Updated: Aug 13, 2020
In recent days, it common for people to speak more than one language. Families that are not native English speakers tend to teach their children English as a second language for kids in different institutions. Learning a second language is not tough as most parents perceive, the same techniques of interactions that helped your child learn his first language can be put in use. Additionally, the following tips suggested by EFL Learning Centre, an English language school in Chiang Mai, can be used to promote children’s secondary language learning.
1. The best learning model is in interactions with responsive caregivers
Children learn best as they play and interact with people close to them. When caregivers respond to them accordingly, children become encouraged and motivated to interact with them even more. Caregivers can become responsive by allowing the child to start a conversation and then responding with zeal and interest and enthusiasm to what the child communicates. To build on your child’s vocabulary, spend more time with them, and engage them in responsive interactions.
2. Children learn faster from things they are more familiar with
The foundation of knowledge is curiosity. This is also applicable to kids learning their first or second language. Research has shown that children are more likely to learn the names of objects when their caregivers follow their lead and create responsive engagements based on the child’s interests. The best way of building your child’s interest is by turning their curiosity into a constructive conversation. By engaging your child’s interest in this way, they will pay attention to what you are saying and stand to learn new words from your conversation.
3. Children grasp quickly what they hear most often
Children need to hear a lot of words in order to learn a new language. Subsequently, for them to learn more than one language, they need to hear more words. This can be done by adding language to your daily activities and experience, hence increasing the number of words they hear. Any new activity usually presents an opportunity for learning a new language. The conversation can be about the foods you both like and enjoy, or discussing characters and their actions when sharing books together, or by thinking and recalling new words your children learn from various visits.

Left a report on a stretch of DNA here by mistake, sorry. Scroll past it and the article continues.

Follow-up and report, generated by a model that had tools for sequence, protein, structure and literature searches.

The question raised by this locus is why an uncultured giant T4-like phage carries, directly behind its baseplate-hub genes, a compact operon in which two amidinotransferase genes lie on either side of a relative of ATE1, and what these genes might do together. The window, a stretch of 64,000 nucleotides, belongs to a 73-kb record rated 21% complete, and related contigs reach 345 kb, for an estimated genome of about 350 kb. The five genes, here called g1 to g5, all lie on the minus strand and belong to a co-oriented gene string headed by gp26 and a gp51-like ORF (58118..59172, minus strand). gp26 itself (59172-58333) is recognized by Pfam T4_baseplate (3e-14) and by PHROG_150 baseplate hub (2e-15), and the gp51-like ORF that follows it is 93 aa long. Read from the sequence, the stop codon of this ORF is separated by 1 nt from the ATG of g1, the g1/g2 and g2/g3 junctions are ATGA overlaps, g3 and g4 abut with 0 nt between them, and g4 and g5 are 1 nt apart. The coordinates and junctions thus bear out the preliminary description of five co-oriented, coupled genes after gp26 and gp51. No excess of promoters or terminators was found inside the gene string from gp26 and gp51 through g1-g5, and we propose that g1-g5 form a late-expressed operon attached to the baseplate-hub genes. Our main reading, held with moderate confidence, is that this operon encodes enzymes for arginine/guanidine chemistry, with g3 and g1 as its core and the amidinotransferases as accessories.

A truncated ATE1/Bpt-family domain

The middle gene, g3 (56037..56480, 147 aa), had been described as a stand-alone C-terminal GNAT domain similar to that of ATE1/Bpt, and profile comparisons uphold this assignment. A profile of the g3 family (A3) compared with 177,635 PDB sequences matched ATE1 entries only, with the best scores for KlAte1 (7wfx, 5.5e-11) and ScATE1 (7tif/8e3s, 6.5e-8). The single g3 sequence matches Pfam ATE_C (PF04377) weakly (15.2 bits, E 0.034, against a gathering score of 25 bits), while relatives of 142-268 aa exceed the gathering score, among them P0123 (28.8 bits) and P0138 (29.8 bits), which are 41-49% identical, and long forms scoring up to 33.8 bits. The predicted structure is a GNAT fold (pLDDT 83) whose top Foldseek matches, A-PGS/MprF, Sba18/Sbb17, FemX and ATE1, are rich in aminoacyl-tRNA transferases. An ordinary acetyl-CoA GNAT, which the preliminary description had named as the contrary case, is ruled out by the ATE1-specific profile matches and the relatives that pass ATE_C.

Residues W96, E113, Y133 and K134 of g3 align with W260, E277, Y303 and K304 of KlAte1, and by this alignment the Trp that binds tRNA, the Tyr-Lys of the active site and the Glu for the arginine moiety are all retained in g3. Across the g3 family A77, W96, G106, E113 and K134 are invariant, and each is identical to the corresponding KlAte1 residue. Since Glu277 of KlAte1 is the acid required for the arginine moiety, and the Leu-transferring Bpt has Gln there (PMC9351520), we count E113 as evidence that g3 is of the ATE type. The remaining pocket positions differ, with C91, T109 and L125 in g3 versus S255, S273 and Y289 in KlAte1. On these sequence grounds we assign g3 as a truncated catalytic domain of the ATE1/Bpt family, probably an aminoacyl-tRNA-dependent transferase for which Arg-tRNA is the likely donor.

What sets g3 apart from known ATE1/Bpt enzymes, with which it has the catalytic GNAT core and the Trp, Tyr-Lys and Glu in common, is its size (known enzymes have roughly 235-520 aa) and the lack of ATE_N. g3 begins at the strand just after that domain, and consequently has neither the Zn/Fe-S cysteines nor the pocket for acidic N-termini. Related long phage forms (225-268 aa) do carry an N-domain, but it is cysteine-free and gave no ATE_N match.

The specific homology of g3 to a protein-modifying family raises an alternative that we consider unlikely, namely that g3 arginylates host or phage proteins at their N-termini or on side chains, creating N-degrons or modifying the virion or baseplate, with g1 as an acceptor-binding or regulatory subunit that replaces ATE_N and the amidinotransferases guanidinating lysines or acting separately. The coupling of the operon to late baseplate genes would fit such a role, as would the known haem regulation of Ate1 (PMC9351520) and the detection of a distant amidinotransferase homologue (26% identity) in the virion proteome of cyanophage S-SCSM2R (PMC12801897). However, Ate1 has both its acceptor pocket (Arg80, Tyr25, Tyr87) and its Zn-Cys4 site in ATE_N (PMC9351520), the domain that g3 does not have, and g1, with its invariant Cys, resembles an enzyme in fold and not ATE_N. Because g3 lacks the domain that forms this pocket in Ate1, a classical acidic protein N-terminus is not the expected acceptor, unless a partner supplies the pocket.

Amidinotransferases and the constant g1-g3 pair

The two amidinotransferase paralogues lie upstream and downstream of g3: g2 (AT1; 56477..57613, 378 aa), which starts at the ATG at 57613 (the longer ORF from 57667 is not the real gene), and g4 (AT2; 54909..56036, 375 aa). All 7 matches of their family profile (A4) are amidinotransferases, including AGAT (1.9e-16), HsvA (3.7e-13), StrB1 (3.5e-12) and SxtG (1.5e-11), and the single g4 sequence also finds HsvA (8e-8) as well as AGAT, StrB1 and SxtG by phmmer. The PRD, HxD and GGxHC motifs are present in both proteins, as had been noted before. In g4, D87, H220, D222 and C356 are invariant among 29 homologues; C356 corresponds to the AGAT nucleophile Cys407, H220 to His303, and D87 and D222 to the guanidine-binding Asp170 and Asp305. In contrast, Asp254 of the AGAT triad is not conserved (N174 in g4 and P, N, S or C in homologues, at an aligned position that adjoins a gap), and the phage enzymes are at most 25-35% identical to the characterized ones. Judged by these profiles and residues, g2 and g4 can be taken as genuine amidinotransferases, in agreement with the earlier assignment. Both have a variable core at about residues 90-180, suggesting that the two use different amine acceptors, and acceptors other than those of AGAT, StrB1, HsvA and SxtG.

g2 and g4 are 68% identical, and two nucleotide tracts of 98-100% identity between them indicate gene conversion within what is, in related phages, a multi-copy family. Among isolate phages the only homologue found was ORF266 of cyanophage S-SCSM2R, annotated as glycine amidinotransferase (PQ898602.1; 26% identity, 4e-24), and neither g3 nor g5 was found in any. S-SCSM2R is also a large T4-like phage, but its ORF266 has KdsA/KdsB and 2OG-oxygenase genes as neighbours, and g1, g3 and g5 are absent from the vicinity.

The key in this approach is by letting your child take the lead role so that you do not take over the conversation. The goal is to be responsive. Avoid been the boss of the conversation! Many parents may hesitate from speaking their home language in front of children who are learning their second language.
We all have the right set of tools to use in developing a child’s secondary language around us.
However, this might not be a good idea because it is best to engage children in language that you are most familiar with. If parents are not 100% conversant in the English language, they may fail to provide the best language input to the children.
Also, the interactions might be limited as you are conversing in a language in which you are not quite familiar with, so it is easy for you to ignore or limit your words. Lastly, research has shown that the children might risk losing their home language as it is not spoken around them. Learning of a second language does not imply abandoning the home language.
4. Variety is the key
In learning new languages, variety is important for a number of reasons. A variety of words, not just the regularly spoken ones but also a little sophisticated word would better the development of the new language. Having different communicating partners such as different English teachers also aid in language development and understanding. For example, an English language school in Chiang Mai non-native students help the native build their grammar by constantly speaking English with them.
We all have the right set of tools to use in developing a child’s secondary language around us. What is needed to be done is simply following your child’s lead and have fun while doing so? It is easy to build your child’s secondary language skills and child development when you both have an enjoyable conversation that is rich in vocabulary and proper grammatical sentence structures.